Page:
June 13, 2019

How to Protect React Native Apps with Jscrambler

by Jscrambler

How to Protect React Native Apps with Jscrambler

React Native is a React-based open-source mobile application framework developed by Facebook. It is actually one of the most popular JavaScript frameworks for mobile development, as shown by the 2018 "State of JavaScript" survey.

By following this tutorial, you will be able to integrate Jscrambler seamlessly into React Native's build process and protect your app with the most potent and resilient obfuscation techniques, code locks, self-defensive, and self-healing capabilities.

Pre-Requisites

To properly integrate Jscrambler into the React Native build process, we only need to set up a React Native app and configure Jscrambler. Let's cover both steps below.

Creating a React Native Application

To create a mobile app using React Native, you have two main approaches: using Expo or using the React Native CLI. Usually, Expo is more suited for developers with a Web Development background (it doesn't require Xcode or Android Studio), while using the React Native CLI is most advisable for those that come from a Native Development background (it requires Xcode or Android Studio).

To integrate Jscrambler into the React Native build process, we'll have to use the React Native CLI. However, if you're using Expo, you can also integrate Jscrambler by ejecting the project, as we'll explore further below.

For the purposes of this tutorial, we will be cloning a simple Grocery List app:

git clone https://github.com/jscrambler/Integration-Examples.git

Now, let's transverse into the React Native app's directory and install the project's dependencies:

cd Integration-Examples/ReactNative/Example-Apps/react-native-grocery-list/
npm i

The simplified base project structure of our React Native application is as follows:

react-native-grocery-list/
|-- app.json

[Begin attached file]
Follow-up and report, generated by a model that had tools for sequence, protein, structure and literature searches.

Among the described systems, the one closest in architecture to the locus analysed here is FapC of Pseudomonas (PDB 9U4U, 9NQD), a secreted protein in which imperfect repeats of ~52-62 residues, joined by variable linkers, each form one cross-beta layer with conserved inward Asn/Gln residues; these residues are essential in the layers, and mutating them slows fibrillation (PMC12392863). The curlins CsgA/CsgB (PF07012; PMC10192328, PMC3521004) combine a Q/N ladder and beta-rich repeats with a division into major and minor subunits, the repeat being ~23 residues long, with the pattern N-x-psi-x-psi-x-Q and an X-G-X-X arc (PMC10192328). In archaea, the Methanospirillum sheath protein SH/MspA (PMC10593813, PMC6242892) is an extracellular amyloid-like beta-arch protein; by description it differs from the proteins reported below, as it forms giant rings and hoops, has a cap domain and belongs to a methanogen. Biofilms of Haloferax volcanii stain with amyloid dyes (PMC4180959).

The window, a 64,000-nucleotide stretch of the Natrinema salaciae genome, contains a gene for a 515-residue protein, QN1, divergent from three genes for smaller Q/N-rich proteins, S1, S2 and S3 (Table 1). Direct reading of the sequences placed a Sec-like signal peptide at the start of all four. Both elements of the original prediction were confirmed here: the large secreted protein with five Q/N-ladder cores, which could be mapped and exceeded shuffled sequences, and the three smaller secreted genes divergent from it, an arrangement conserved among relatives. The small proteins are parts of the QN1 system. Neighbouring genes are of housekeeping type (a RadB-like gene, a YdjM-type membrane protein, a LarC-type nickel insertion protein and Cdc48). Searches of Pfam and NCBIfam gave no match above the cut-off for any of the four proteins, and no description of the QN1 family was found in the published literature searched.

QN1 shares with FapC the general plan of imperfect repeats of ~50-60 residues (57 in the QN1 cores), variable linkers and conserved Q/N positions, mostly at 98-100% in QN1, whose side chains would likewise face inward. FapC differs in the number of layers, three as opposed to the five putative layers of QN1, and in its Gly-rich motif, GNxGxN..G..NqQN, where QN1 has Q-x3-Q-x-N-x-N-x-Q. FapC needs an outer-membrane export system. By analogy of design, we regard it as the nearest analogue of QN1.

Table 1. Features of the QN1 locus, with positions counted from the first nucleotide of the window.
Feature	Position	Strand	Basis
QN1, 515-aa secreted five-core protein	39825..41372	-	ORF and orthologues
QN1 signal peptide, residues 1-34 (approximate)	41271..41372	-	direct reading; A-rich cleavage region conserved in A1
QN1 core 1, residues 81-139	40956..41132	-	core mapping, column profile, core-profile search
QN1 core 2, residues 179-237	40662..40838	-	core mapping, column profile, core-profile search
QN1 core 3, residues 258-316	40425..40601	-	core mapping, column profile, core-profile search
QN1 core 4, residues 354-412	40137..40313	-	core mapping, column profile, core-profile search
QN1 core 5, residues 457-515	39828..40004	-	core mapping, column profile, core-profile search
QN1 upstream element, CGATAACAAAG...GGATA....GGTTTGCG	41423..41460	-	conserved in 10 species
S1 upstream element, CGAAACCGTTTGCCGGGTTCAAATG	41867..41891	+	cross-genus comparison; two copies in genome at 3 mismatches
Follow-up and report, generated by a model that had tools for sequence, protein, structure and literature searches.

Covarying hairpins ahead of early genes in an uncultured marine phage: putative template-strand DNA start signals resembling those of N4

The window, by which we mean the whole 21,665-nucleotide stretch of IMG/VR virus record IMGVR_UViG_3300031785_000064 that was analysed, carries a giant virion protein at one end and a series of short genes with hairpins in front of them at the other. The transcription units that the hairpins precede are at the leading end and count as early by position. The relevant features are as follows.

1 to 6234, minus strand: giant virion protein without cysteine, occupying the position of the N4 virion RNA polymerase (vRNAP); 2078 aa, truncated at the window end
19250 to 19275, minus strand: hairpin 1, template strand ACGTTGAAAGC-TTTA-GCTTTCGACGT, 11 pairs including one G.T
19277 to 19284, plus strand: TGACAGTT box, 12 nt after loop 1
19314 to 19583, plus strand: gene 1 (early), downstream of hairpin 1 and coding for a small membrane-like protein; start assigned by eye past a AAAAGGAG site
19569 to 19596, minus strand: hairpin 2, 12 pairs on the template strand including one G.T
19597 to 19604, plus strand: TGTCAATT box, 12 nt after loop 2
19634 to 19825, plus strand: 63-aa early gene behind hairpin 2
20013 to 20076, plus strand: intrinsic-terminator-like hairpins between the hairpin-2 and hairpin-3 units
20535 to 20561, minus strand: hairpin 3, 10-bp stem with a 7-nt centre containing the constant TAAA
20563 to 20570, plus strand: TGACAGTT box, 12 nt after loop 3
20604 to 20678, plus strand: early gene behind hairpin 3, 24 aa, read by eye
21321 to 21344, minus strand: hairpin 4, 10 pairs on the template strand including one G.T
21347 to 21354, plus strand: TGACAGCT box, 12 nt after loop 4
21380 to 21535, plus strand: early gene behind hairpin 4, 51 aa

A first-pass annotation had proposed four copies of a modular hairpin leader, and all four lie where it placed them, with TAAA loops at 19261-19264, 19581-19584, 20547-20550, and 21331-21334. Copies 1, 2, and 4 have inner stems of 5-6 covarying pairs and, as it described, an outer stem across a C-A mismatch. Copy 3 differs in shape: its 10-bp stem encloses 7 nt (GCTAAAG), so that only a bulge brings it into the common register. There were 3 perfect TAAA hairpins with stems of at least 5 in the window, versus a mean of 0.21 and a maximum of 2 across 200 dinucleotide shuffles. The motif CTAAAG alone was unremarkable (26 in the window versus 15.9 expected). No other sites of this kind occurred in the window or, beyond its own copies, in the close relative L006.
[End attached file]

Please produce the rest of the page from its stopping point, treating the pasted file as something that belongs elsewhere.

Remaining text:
|-- babel.config.js
|-- index.js
|-- metro.config.js
|-- package.json
|-- yarn.lock
|-- __tests__/
|-- .expo/
|-- android/
| |-- app/
| | |-- build/
|-- App/
|-- assets/
|-- ios/
|-- node_modules/
  • package.json contains all the configurations which are related to npm such as dependencies, version and scripts.

  • The App directory features the source code of the application. The sources are then built and packed into either the android or ios directory. This is where our protected HTML and JavaScript files will be placed after the build.

And we have succesfully set up our React Native app. Let's move forward to protecting it with Jscrambler.

Configuring Jscrambler

If you haven't created a Jscrambler account yet, be sure to do so before moving forward.

All of Jscrambler's configuration will reside inside a single file: .jscramblerrc, which specifies which transformations we wish to use.

The quickest way to get our config file is via the Jscrambler Web App. Once there, create a new app. Now, in the Application Modes tab, select the Language Specifications and application type. Next, select the transformations you want (check the Templates and Fine-Tuning tabs). In this tutorial, we'll be selecting the Obfuscation template. If you need help with these steps, please refer to our guide.

Now, we simply have to download a JSON file with all this configuration, which will be used only for quickly getting the required settings.

Download Jscrambler JSON

Now, let's create a new file named .jscramblerrc on the React Native project’s root folder. Open the jscrambler.json file you just downloaded and copy all its contents to the .jscramblerrc file. Your final .jscramblerrc file should look like this:

{
 "keys": {
   "accessKey": <ACCESS_KEY_HERE>,
   "secretKey": <SECRET_KEY_HERE>
 },
 "applicationId": <APP_ID_HERE>,
 "params": [
   {
     "name": "objectPropertiesSparsing"
   },
   {
     "name": "variableMasking"
   },
   {
     "name": "whitespaceRemoval"
   },
   {